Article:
Data Analysis: Data analysis utilized SPSS® version 23 (IBM corporation, Armonk, New York, USA). Descriptive statistics for median age, sex preponderance, tumour site (whether nodal or extranodal) were analysed. The prevalence of cases expressing both MYC and BCL2 was calculated as a proportion of the total number of cases included in the study. The cell of origin for each case was determined as either germinal center origin (GCB) or non-germinal center (non-GCB) with their respective proportions calculated from the total number of cases included in the study. The proportion of CD5 and CD30 positive cases was also determined. Fisher’s exact test was performed on 2 by 2 tables for correlation between double expression and sex, cell of origin and site with a p value of <0.05 considered significant. A student t-test was used to compare mean ages and Ki67 indices between double expressing and non-double expressing groups as well as GCB and non-GCB groups.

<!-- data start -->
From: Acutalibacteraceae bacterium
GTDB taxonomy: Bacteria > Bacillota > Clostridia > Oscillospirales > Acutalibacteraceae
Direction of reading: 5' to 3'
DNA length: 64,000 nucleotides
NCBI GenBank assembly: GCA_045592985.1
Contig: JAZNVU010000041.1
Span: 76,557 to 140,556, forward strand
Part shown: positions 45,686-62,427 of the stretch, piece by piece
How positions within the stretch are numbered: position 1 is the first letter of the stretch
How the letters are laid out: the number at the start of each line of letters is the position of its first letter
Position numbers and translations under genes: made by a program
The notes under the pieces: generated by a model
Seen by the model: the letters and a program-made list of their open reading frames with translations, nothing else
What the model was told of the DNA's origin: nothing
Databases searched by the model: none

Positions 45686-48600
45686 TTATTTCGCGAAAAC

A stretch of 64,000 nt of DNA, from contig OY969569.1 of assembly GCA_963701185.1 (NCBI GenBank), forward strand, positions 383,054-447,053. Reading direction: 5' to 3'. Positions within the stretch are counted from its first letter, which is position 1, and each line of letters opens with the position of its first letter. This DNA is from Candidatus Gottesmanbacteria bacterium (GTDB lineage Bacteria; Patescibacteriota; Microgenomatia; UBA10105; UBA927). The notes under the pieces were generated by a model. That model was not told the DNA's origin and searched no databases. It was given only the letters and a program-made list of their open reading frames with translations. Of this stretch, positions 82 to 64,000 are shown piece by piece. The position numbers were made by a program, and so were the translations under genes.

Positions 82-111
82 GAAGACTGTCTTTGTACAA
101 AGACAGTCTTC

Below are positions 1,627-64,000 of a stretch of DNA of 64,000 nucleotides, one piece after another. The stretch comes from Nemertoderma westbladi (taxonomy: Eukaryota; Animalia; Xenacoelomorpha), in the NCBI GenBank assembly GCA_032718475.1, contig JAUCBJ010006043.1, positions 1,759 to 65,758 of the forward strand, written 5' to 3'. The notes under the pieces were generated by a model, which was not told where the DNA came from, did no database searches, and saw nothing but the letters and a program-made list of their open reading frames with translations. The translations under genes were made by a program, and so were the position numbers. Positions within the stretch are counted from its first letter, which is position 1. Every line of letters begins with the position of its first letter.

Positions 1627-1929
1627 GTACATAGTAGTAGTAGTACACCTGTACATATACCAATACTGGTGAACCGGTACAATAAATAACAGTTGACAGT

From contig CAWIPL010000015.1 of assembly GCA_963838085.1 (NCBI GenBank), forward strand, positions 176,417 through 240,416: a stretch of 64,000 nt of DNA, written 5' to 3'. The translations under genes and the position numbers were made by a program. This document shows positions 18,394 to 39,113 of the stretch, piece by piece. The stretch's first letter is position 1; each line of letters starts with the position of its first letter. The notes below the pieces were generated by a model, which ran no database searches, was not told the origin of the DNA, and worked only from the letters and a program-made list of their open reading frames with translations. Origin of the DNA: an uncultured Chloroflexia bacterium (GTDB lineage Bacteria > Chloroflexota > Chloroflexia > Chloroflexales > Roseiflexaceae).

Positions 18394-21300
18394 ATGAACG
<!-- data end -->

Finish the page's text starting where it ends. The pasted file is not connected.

Results: A total of 165 cases of DLBCL were included in the study for which two TMA blocks were constructed and stained for cell of origin and double expression. The median age for the study group was 50 years. There was an even distribution by gender with males accounting for 54.5% of cases. Majority of the cases were from nodal sites (57.9%). The mean Ki67 index was 30% (Range: 0 to 100%).

Only 18 cases were found to be positive for both MYC and BCL2 accounting for 10.9% of all DLBCLs. The double expressing tumors showed a higher mean Ki67 index of 45% compared to the non-double expressing group (29%). No difference was noted in median age, sex preponderance, cell of origin or site of occurrence between the two groups.